Murphy "Derp" H.

My mother-in-law has a 2011 LTZ. The front "self-leveling suspension" [read: airbags with s#itty potentiometer sensors] failed last fall. Dealer quote to repair ~$2500. External door handles on all doors break with normal use. You have to be retarded to pay that much for a GM product.

Funny, even after all this time, Chevy still can make a big ugly box and charge extra to stick some wood trim inside. If someone thinks they need a REALLY large car, so be it, but this is Retro in the worst way. They have to let go of the 80's.

chrod

don't see any hookers...

Karen

I'm about to replace my latest Suburban. It is my second. I did my homework with care because I haul a camper, was a car pool mom, and am a busy community service volunteer. My Suburban (9 seat model) often has all the seats used or is filled to capacity because I've been to Lowe's or Home Depot. It has hauled my camper to many memorable destinations. I bought my last one intending to keep it for 15 years. Guess what? It will be 15 years old in September, it has served me well and I will take my time to thoughtfully replace it. The price on the one you showcased is indeed more than necessary. I can build one that will more than adequately meet my needs at a much lower price. Example: The 9 seat model is cheaper because all seats are bench style. I can do without factory installed running boards. The ones installed by aftermarket business are sturdy and affordable. It's a vehicle that is hard to beat for overall versatility!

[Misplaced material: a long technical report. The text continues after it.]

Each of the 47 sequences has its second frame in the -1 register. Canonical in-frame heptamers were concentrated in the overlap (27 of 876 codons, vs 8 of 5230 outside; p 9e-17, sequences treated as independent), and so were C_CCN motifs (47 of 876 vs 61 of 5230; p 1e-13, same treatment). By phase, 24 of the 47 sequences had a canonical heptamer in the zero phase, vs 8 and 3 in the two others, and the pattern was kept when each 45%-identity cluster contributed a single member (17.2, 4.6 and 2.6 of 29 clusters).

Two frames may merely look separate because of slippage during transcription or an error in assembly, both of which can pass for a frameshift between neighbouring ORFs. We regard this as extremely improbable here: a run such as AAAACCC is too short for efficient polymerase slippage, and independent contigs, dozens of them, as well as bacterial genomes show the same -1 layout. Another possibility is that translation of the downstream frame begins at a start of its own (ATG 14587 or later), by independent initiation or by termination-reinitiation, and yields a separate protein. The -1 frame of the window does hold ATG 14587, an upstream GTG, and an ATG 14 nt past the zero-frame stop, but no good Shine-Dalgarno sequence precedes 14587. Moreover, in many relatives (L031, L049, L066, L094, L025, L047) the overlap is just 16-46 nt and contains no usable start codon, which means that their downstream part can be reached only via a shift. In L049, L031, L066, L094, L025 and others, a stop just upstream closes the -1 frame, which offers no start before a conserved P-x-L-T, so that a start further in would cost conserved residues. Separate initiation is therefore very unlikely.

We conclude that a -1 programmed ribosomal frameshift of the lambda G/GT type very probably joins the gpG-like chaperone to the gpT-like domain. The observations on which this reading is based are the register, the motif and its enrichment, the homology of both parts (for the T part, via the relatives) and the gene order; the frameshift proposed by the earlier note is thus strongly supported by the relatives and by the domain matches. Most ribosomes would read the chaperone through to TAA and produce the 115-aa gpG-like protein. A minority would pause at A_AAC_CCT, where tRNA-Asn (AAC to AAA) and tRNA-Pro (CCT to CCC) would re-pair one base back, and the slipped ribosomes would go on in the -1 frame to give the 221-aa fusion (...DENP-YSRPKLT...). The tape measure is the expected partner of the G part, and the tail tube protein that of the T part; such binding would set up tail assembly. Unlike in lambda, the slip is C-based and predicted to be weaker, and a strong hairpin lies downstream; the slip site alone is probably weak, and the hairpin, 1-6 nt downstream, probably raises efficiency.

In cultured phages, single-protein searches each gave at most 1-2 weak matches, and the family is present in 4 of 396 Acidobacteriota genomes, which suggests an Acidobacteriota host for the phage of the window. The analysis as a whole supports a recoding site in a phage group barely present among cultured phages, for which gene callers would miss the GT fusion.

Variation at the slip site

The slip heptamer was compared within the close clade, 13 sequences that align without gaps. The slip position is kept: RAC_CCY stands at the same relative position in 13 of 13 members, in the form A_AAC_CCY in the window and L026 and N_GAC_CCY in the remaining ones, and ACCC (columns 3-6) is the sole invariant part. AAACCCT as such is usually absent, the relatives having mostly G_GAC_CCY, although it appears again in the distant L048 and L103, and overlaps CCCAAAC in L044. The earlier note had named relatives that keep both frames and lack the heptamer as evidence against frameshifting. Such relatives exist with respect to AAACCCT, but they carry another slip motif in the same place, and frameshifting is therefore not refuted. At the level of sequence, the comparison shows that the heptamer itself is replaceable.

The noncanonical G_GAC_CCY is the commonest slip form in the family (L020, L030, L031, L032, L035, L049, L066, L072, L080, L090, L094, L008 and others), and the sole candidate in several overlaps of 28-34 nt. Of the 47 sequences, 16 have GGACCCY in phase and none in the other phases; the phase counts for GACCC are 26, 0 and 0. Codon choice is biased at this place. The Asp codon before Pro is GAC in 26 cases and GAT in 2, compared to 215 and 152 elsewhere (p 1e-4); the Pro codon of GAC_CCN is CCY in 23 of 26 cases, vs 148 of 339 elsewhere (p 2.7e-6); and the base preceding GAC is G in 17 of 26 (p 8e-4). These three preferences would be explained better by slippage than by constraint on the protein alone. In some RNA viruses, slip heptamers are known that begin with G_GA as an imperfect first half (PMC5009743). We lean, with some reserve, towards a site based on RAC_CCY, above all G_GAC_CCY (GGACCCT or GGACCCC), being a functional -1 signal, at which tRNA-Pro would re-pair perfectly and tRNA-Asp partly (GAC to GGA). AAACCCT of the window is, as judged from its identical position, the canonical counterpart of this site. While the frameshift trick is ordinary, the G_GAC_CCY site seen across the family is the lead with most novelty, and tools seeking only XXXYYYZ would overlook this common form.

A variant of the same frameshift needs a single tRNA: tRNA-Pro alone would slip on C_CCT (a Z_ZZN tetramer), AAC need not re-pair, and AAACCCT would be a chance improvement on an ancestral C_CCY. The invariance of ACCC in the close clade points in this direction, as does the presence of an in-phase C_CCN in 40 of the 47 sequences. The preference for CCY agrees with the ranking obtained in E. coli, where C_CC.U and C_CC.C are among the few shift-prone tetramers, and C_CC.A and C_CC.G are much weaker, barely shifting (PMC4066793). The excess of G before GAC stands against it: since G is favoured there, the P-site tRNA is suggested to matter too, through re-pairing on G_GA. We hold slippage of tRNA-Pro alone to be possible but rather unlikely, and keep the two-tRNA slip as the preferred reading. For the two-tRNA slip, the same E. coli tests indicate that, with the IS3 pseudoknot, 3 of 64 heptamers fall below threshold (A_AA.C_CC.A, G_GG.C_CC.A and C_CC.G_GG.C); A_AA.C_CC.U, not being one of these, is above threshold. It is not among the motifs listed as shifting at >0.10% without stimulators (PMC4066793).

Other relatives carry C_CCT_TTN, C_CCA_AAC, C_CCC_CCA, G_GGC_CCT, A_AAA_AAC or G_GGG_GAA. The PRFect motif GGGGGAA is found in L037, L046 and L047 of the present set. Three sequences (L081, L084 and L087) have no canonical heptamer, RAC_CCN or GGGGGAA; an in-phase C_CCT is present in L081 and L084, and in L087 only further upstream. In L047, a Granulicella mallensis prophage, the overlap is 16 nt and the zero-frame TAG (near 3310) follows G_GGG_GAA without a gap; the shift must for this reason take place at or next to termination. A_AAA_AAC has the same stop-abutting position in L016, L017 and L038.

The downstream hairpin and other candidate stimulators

R. Wayland

It may be expensive but at least it gets great milage, right?

Wow.

Murphy "Derp" H.
May 27, 2014 3:17:02 PM

"You have to be retarded to pay that much for a GM product."

That kind of language isn't necessary, Murphy. "Palin-American", please.

TCB

I have been having my 2015 Suburban LTZ for about 4 weeks and I have to say; it was worth every penny!!! Unlike the luxery vehicles, I wanted to put my money into more than the name. The ride is superb, safety features are phenomenal, and the look is classy. I wouldn't want anyone to put themselves in a financial bind, but if you're looking for a luxery vehicle, I would recommend you to not overlook the Suburban.

Eunice

It looks like a hearse.